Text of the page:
Hydro MicroScreen technology combines fine screening and primary treatment, helping plants save space and enhance efficiency.
Primary clarifiers have been basic equipment in wastewater treatment for decades, and they remain effective.
Now, Hydro International offers an alternative form of primary treatment that uses a screening process instead of gravity settling to get the job done. The company says its Hydro MicroScreen system can do the same work as primary clarifiers in a significantly smaller footprint with lower power input and at lower cost of installation.
The technology uses a rotating belt screen to separate out solids, which in smaller plants can include grit and fine screenings as well as the material that comprises primary sludge. The company says the system removes 50 to 60 percent of TSS, along with 20 to 40 percent of BOD and 10 percent of phosphorus by removing their particulate forms.
The process allows engineers and operators to choose from a range of screen mesh sizes and thereby customize the removal rate and optimize the efficiency of downstream processes including nitrification. It is suited for a variety of industrial uses. Matt Bokenkroger, industrial sales manager, talked about the technology in an interview with Treatment Plant Operator.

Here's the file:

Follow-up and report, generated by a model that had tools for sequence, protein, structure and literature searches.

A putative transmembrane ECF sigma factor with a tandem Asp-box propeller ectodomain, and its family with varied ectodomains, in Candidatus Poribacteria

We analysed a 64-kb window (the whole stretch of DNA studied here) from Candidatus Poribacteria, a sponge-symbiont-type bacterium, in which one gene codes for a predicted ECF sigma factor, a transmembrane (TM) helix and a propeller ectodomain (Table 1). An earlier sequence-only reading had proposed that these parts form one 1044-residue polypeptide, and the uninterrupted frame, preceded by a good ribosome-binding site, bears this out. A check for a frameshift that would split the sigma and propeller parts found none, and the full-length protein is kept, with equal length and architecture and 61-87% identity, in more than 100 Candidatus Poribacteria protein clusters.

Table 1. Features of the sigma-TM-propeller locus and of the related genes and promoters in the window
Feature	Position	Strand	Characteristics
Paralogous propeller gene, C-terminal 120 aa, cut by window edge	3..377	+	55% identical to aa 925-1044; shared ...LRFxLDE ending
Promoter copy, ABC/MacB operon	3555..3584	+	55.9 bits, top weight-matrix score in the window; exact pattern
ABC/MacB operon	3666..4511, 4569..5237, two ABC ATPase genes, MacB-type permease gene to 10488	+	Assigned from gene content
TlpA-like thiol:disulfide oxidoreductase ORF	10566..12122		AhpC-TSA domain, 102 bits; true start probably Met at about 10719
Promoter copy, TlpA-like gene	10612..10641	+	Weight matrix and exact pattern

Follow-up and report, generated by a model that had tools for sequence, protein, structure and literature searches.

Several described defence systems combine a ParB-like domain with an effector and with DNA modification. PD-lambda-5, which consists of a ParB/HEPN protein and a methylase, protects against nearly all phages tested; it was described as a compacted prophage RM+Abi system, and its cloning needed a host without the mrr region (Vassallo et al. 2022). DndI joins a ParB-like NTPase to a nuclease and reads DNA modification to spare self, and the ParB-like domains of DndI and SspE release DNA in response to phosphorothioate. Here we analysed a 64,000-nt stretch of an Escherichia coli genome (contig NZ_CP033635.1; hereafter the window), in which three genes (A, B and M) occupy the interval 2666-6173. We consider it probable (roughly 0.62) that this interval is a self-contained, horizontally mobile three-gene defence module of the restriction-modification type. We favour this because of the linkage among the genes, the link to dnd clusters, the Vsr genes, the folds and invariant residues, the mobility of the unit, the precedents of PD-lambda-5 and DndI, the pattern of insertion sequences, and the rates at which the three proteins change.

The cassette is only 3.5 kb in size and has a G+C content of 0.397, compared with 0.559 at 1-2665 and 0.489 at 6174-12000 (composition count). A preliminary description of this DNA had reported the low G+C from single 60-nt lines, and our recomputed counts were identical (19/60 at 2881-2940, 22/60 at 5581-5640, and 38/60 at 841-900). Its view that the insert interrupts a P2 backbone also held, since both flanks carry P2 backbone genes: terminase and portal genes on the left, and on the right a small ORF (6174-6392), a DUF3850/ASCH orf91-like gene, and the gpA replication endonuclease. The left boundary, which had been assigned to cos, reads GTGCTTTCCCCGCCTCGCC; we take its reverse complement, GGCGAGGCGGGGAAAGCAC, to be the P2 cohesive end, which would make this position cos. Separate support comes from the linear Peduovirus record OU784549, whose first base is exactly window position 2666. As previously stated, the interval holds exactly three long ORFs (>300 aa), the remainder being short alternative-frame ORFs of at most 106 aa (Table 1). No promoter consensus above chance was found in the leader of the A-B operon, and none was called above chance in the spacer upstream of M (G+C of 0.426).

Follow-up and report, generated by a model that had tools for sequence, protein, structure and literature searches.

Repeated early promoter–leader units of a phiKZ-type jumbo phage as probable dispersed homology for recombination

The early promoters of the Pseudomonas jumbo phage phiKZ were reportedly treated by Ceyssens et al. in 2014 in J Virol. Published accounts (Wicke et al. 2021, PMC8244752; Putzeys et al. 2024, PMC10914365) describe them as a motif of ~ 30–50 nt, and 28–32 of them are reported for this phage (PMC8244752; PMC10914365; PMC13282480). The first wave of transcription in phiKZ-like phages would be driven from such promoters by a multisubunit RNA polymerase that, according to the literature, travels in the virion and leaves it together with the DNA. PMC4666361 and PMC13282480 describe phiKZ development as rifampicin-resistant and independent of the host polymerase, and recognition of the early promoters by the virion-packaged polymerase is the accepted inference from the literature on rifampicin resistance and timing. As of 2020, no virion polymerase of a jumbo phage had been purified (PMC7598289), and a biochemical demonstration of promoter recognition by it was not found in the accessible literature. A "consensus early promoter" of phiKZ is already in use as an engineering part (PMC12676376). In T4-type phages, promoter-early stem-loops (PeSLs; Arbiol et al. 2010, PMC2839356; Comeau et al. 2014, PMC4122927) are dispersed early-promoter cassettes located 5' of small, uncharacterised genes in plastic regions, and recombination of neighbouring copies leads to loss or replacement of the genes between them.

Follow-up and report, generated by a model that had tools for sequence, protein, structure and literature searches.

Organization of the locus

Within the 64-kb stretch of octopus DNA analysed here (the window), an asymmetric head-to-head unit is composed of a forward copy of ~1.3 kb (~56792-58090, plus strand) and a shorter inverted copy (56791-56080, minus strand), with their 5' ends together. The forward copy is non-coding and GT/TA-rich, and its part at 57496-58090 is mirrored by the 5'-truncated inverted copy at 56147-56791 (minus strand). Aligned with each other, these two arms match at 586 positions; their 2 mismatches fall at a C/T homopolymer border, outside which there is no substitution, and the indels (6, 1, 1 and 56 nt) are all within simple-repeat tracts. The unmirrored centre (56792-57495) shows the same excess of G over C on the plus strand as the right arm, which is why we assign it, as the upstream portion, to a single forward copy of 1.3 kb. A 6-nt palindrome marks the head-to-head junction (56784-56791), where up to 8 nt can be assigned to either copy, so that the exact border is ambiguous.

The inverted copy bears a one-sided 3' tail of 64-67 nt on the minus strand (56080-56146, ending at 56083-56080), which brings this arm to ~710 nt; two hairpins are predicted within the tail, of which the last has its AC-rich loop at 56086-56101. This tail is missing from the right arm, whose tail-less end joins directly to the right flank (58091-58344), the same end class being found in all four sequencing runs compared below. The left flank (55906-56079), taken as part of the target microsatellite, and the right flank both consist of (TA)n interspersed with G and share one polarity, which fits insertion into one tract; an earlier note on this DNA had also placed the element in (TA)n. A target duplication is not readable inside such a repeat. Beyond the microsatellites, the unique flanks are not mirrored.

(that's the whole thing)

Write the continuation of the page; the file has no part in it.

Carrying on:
TPO: What problems in the marketplace are addressed by this technology?
Bokenkroger: First, land values were becoming astronomical so that plants couldn’t obtain land affordably, or the land they acquired was so degraded that it cost significant money to upgrade it. And second, plants were looking to manage solids so as to feed material directly to energy recovery systems. Those include anaerobic digesters, as well as gasification and pyrolysis processes, which are starting to make waves.
TPO: So your technology is basically replacing the primary clarifier?
Bokenkroger: That’s correct. For small plants, under about 4 mgd peak flow, we can combine fine screening, grit removal and advanced primary clarification in one component.
TPO: In simple terms, how does the screening process work?
Bokenkroger: The equipment is typically installed in a stainless steel vessel. The influent level is controlled by the rotational speed of the screen. Heavy solids require a higher screen speed. Lighter solids loading would require a lower screen speed. In either case, the water level stays the same. A level transducer monitors the inlet water cavity, and an algorithm directs the screen to speed up or slow down. In that way we maintain a uniform, thick mat of solids on the screen.
TPO: What does this screen look like?
Bokenkroger: It looks identical to a window screen, except we can vary the mesh size. If the screen has a 100-micron mesh, then it has 100-micron squares. The screen doesn’t stretch or expand. It has greater than 300 pounds per square foot loading capacity, which will never be reached. The material we remove doesn’t get trapped inside the screen. It rides on top of it. Because we have a fairly steep but not too steep angle of incline, close to 90 percent of the material falls off by gravity. The rest falls off with low-volume, high-pressure wash water and a secondary scraper.